How You Can Help

Making a Murderer and Northwestern Law

Making a Murderer shone a spotlight on the crucial work done at law clinics like Northwestern Law's Center on Wrongful Convictions of Youth. With our students, CWCY faculty – who are law professors as well as accomplished attorneys – not only expose interdisciplinary problems like false confessions, but we develop legal and practical solutions to address those problems in partnership with the legal community, psychologists, and law enforcement. Perhaps most importantly, we teach our law students to become the kinds of lawyers who take fierce pride in fighting for people like Brendan Dassey. We’re proud that regardless of what kind of law they go on to practice, CWCY graduates understand that the best lawyers are leaders.

For a look at what it’s like being a student in Laura Nirider and Steven Drizin’s Northwestern Law class on wrongful convictions, check out this video from our alum Dylan Schweers, JD ’17.

Change Lives | Change the System

Here are 5 steps you can take to help children and teenagers that were wrongfully convicted:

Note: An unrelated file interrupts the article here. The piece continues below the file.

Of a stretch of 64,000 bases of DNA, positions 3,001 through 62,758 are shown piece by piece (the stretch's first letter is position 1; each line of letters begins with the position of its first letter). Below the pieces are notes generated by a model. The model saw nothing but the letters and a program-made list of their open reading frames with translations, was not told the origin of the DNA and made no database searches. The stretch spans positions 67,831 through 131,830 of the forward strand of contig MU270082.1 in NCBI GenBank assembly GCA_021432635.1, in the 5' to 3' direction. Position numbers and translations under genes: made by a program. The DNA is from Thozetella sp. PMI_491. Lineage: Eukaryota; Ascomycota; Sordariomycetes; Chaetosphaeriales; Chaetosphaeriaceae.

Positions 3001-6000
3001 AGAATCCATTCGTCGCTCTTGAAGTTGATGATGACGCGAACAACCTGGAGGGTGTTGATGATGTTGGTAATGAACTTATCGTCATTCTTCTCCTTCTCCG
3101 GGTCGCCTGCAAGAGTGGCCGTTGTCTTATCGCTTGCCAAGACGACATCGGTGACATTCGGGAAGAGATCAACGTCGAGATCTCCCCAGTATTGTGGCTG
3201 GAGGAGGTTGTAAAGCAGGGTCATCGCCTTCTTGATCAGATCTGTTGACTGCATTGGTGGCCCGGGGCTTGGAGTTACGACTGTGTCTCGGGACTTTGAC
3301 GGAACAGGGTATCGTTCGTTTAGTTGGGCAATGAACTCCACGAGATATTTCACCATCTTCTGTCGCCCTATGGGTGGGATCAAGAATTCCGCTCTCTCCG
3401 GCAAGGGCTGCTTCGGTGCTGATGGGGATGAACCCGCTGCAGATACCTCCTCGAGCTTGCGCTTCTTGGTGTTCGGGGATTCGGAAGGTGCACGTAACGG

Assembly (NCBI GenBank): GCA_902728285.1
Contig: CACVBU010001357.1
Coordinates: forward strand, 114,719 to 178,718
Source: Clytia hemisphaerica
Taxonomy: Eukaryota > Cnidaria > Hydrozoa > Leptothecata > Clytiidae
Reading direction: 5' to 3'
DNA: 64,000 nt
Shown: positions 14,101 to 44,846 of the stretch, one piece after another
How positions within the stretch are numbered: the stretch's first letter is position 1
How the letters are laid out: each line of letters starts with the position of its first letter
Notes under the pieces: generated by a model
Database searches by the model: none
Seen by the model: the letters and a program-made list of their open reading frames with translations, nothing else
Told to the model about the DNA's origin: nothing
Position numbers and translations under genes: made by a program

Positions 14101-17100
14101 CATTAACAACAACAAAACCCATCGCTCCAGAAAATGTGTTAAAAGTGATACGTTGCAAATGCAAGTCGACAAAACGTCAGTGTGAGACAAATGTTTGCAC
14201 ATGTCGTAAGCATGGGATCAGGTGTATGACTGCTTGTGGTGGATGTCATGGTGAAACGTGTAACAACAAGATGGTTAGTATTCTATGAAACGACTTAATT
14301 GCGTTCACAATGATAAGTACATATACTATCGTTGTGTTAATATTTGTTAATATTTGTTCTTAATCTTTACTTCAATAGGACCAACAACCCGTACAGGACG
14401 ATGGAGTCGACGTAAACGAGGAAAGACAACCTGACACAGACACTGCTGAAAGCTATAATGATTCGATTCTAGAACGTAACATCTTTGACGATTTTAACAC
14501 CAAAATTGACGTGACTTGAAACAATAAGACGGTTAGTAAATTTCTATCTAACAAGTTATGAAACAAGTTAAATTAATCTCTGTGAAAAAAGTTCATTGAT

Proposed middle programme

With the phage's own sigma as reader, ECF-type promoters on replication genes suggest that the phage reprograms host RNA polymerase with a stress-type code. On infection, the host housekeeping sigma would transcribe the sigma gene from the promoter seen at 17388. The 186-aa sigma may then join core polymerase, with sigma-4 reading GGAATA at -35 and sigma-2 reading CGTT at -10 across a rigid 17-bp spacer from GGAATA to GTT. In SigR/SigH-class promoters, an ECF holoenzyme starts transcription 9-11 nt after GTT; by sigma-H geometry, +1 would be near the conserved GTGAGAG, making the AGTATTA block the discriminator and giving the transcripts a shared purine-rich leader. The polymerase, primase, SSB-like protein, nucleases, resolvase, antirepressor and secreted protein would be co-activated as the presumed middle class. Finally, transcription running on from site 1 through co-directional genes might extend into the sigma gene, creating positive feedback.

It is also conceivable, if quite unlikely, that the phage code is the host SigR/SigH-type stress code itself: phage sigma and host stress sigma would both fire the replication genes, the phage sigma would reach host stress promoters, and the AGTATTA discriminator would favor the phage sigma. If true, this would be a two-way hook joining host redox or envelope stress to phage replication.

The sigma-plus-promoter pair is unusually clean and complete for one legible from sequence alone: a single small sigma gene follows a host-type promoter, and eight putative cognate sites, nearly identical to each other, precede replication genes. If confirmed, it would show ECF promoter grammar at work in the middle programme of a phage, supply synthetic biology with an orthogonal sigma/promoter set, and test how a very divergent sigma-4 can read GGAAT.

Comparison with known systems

1. Donate to the CWC/CWCY
    Your contribution is critical to the CWC's and CWCY's efforts to provide high-quality legal services to underserved and disadvantaged men, women, and children and to advocate on behalf of the wrongfully convicted.
    Donate Now »
  1. Host a Friendraiser
    Invite your friends, family, and colleagues to learn about the CWC and CWCY, our clients, and our efforts to reform a broken justice system. 
  1. Follow CWC and CWCY and share our work on social media
    Like The Center on Wrongful Convictions and The Center on Wrongful Convictions of Youth on Facebook, and follow us on Twitter to be part of our community and to receive regular updates about important issues surrounding wrongful convictions. Please help us spread the word by sharing and retweeting our posts! 
  1. Contact your local state legislator
    Insist that he or she sponsor a law requiring that police electronically record all interrogations of suspects. View states that require electronic recording.
  1. Learn as much you can
    Our friends at the Innocence Project have put together a list of important documentaries and TV shows to help you learn more about the injustice of wrongful convictions. View the list!